The Abbey has two remarkably good cloister garths. In the large cloister, the covered walkway is the delight. The lawn is dull and would be better managed as a wildflower meadow. The greenspace with a foutain, in the small cloister, is charming.
The original West Minster was founded in 605, enriched by Edward the Confessor and dedicated by him in 1065, one year before the Norman Conquest. The monastry was run by the Benedictine order until the dissolution in 1540. Much of the present church was built by Henry III between 1245 and 1272. Gardeners will be interested to see the Cloister, which is a plain rectangle of grass in the traditional manner, the Little Cloister and the College Garden. The cloisters were the centre of monastic life. Monks were sheltered from the wind and yet could sit in the sun. The Little Cloister is charming, unusually small in scale and ornamented with a fountain and garden planting. Its inner arcade is thought to date from the seventeenth century. The College Garden is on the site of the Abbey's original infirmary garden, used to grow medicinal plants, fruit and vegetables. Dr John Harvey located the 1306 herbarium on the site of the present knot garden. Dean's Yard is a handsome London square. The Jewel Tower, a fragment of the original Palace of Westminster survives on the other side of the road. It was made by Edward I, according to John Harvey''the aknowledged leader of the West, when just back from contact with the refinements of Palestine and nearly two years spent at the courts of Sicily, Italy and France'.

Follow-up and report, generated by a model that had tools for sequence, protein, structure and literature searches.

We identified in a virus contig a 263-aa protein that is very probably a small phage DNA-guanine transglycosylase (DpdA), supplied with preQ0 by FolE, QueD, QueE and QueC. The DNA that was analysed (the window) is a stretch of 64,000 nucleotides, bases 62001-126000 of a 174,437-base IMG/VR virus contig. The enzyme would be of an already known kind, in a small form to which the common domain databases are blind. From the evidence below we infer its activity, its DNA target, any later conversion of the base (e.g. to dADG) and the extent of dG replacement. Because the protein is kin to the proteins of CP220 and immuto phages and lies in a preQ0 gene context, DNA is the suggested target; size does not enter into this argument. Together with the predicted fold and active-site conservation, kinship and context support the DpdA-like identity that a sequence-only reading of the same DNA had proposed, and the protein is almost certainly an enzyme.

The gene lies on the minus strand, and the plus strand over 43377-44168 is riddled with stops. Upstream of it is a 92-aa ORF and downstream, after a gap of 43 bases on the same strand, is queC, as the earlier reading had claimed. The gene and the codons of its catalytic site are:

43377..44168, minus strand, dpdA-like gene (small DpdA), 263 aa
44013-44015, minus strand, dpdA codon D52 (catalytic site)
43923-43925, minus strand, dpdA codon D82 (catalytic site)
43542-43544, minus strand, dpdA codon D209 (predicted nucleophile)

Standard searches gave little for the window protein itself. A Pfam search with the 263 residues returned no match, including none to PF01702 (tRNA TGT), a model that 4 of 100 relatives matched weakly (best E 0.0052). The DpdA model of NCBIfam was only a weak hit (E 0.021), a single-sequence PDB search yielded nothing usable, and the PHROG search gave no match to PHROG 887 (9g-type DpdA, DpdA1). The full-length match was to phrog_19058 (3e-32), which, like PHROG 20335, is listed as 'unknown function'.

Westminster Abbey, Victoria Street, London, Greater London, England, SW1P 3PA
Entrance fee for the Abbey. See website for details. CLOISTERS Admission is free. However, there is no access to the Abbey Church from the Cloisters. The cloisters are usually open when the Abbey is open - but check the website. COLLEGE GARDEN There is no admission charge however donations are invited towards the upkeep of the garden. It is usually open 10-4 on Tuesday, Wednesday and Thursday - but check the website.